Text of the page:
Path of totality: What to know about Tuesday's total solar eclipse

On Tuesday, skywatchers in parts of the Earth got a rare treat: a total solar eclipse.

It was the first total solar eclipse since the Great American Eclipse of 2017, AccuWeather reports.

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AccuWeather talks to an eclipse enthusiast about what makes Tuesday's event special.

Where could the July 2, 2019, total solar eclipse be seen?

Unfortunately for eclipse enthusiasts in the U.S., we weren't in the path of this one. The path of totality was mostly across open waters, but tourists packed into the tiny sliver across Chile and Argentina where the total eclipse was visible.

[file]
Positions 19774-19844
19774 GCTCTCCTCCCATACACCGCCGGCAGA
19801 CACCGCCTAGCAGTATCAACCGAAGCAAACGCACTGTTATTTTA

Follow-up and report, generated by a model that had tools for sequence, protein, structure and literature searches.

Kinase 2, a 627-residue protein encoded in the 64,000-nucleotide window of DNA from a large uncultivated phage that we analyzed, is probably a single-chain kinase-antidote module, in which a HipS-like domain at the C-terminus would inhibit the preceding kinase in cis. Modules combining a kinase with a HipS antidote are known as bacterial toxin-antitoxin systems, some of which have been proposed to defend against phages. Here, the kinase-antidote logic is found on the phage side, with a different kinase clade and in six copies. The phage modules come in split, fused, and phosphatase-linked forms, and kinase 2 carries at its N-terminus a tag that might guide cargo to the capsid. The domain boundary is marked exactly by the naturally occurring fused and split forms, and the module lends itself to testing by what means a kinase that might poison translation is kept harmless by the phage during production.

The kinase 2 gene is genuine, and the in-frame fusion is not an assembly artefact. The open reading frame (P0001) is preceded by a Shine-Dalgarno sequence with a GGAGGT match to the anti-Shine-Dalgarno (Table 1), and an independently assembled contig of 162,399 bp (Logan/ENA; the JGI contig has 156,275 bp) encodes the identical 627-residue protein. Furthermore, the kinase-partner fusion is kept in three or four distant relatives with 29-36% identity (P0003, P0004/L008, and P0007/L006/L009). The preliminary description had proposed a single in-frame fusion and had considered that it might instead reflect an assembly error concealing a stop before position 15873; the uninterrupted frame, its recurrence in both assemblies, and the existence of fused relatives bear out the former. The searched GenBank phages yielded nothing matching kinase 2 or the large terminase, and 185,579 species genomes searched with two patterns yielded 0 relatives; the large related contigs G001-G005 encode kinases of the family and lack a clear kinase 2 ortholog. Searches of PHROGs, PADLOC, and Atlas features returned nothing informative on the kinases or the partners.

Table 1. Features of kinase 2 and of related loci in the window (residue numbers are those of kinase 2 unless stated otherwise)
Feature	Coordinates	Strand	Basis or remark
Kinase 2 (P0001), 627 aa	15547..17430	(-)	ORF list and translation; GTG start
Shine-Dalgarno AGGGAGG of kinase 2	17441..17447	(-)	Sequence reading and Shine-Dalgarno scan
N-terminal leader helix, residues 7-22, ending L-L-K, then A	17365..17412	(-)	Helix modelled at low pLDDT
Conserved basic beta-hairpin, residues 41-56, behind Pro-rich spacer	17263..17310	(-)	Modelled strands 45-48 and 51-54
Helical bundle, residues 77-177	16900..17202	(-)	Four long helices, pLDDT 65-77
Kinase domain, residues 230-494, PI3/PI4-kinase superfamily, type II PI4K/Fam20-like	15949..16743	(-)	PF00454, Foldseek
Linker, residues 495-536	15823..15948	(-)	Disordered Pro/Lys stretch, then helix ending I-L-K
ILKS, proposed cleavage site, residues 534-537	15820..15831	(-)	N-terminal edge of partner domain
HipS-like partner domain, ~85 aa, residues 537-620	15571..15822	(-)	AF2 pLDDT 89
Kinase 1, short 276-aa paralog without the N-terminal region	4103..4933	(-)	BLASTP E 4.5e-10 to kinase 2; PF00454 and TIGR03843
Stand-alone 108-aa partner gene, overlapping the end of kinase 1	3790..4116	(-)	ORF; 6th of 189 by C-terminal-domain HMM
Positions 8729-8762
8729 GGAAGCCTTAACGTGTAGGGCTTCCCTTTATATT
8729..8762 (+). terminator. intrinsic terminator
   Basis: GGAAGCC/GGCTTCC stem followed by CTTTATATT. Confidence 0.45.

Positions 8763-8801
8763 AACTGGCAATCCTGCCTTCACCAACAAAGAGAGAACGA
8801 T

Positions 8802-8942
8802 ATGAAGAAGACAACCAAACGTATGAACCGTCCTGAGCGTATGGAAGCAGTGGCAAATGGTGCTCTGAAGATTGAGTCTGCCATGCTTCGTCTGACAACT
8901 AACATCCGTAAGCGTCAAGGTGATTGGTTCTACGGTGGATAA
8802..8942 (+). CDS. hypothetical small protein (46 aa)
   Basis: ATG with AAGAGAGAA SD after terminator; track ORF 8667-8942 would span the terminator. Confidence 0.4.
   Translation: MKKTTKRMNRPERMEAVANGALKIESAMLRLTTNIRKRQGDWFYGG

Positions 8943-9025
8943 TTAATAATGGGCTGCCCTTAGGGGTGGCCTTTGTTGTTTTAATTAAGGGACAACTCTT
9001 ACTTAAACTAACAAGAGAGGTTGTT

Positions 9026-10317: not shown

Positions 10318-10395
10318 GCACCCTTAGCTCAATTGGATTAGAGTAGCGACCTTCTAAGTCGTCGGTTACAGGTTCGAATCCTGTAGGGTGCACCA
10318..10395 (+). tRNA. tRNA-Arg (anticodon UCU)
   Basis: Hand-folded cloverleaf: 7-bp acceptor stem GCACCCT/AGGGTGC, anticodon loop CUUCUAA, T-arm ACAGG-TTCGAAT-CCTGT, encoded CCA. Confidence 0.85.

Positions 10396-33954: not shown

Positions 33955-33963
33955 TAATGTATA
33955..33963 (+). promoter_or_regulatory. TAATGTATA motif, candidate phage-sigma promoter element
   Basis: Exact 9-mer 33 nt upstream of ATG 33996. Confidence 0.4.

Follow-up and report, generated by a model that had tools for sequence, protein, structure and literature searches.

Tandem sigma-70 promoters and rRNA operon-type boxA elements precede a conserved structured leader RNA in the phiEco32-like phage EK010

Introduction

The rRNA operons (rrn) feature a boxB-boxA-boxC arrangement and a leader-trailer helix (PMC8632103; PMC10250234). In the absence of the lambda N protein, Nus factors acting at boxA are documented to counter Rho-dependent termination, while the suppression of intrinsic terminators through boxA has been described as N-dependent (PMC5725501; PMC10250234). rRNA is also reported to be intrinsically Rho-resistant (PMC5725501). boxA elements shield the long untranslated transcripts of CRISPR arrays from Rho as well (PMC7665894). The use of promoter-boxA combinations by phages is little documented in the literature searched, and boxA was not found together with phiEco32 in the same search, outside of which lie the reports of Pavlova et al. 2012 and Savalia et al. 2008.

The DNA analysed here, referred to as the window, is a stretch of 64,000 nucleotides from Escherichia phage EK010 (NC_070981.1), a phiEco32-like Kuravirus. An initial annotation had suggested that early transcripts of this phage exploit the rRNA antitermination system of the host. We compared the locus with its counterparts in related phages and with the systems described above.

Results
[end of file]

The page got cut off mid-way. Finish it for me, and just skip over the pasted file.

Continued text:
What time was the July 2, 2019, total solar eclipse?

The partial eclipse first reached Chile at 3:22 p.m. ET, and the total eclipse began at 4:38 p.m. ET. The total eclipse lasted a matter of minutes in each location.

What made the July 2, 2019, total solar eclipse special?

Gordon Telepun, an eclipse enthusiast who witnessed a total solar eclipse for the fifth time on Tuesday, said this one is special because he could see it at sunset.

"You know how the moon always looks bigger on the horizon? So an eclipse on the horizon is really going to look dramatic," he said.

When is the next total solar eclipse in the USA?

After the last eclipse, many Americans are wondering when we might be able to catch one again. The next total solar eclipse in the U.S. won't cut all the way across the country like the last one, but it will pass through several states, including Texas, Illinois, New York and Maine. It will make its journey on April 8, 2024.

The Associated Press contributed to this report.

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